Consider this a working paper of sorts. It adds to the last post here which discussed the relationship between population and consumption. But it’s only a snapshot of an initial bit of online and library research. I hope to flesh out the topic more fully in the future.
At the end of that post I mentioned two issues I had barely touched on, which deserved more attention. They were (a) the question of whether, even hypothetically, we could ignore population growth and count solely on advances in clean energy technologies to escape ecological catastrophe, and (b) the implications of the observation that over the last century global energy consumption has increased more than population numbers. In my view, the former question is the simpler one, and I’ll get to in the near future. In this post I’ll provide some of what I’ve found concerning the latter issue.
The consumption argument
It’s a common observation that, over the last half century or more, resource consumption rates have increased at a faster pace than population size. I’ve seen this observation used to support the view that population growth isn’t as serious an environmental problem as our growing rates of consumption. Sometimes a proponent of this argument presents data showing that the magnitude of growth of total world energy consumption, or of total consumption of a specific resource, is considerably larger than that of population.
As an example, I found a page on the United Nations Earthwatch website where the writer points out that “materials use has grown far faster than population: in the US, total consumption of virgin raw materials was 17 times greater in 1989 than it was in 1900, compared with a threefold increase in population.” The implication is that the rate of consumption is the more important factor to consider. Is the writer’s argument justified? A closer look reveals it’s not that simple.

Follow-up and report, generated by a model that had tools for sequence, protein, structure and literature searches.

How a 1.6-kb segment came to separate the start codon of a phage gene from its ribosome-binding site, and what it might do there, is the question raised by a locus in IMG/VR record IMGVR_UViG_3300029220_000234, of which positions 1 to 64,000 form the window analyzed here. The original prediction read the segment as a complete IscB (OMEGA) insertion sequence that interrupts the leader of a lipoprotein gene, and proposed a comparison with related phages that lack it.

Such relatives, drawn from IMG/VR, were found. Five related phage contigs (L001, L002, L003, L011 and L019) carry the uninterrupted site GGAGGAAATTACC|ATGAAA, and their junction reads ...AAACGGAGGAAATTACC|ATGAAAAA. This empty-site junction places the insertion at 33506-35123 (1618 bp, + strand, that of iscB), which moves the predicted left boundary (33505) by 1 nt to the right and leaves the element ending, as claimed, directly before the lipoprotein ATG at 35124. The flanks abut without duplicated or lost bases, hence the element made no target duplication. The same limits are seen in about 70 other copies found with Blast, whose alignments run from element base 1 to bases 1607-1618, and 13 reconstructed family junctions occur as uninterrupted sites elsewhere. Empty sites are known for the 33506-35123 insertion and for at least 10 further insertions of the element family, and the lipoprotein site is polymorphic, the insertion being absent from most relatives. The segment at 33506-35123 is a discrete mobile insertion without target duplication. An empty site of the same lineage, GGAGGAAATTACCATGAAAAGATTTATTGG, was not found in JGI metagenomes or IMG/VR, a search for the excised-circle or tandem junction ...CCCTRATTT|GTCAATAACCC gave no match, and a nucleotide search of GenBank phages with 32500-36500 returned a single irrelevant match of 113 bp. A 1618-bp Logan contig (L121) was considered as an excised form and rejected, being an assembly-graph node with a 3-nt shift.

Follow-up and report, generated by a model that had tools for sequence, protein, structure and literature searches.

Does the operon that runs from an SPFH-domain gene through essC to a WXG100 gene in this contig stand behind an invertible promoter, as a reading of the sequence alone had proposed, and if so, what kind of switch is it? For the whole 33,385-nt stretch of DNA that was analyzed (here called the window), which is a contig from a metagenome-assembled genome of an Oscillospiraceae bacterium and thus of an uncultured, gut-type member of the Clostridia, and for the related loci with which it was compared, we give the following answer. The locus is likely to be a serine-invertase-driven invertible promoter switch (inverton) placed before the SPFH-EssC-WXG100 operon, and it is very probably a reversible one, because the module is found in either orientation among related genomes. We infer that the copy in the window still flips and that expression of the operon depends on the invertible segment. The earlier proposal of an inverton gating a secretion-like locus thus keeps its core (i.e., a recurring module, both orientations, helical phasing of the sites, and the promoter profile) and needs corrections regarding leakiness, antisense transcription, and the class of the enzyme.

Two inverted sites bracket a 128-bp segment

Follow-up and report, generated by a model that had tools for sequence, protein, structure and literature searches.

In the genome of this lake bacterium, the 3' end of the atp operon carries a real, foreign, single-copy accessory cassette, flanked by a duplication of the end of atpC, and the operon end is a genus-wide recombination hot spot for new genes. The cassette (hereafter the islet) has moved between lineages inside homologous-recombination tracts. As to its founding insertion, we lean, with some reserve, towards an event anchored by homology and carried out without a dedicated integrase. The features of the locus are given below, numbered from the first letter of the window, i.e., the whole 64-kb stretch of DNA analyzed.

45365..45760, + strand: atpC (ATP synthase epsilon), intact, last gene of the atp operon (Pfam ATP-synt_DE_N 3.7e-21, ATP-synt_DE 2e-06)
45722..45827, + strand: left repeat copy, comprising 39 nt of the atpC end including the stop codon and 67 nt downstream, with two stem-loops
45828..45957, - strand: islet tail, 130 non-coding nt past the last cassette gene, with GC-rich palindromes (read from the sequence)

Let’s dissect this a little
E = P x e
That is, total energy use equals population size times energy use per capita. Likewise, the total use of a particular resource or resource sector (such as “materials use”) would equal population size times the per capita use of that resource. Comparing population growth to growth in total energy or resource use is, therefore, to compare one factor in the equation with the product. Naturally, we would expect the product generally to be larger!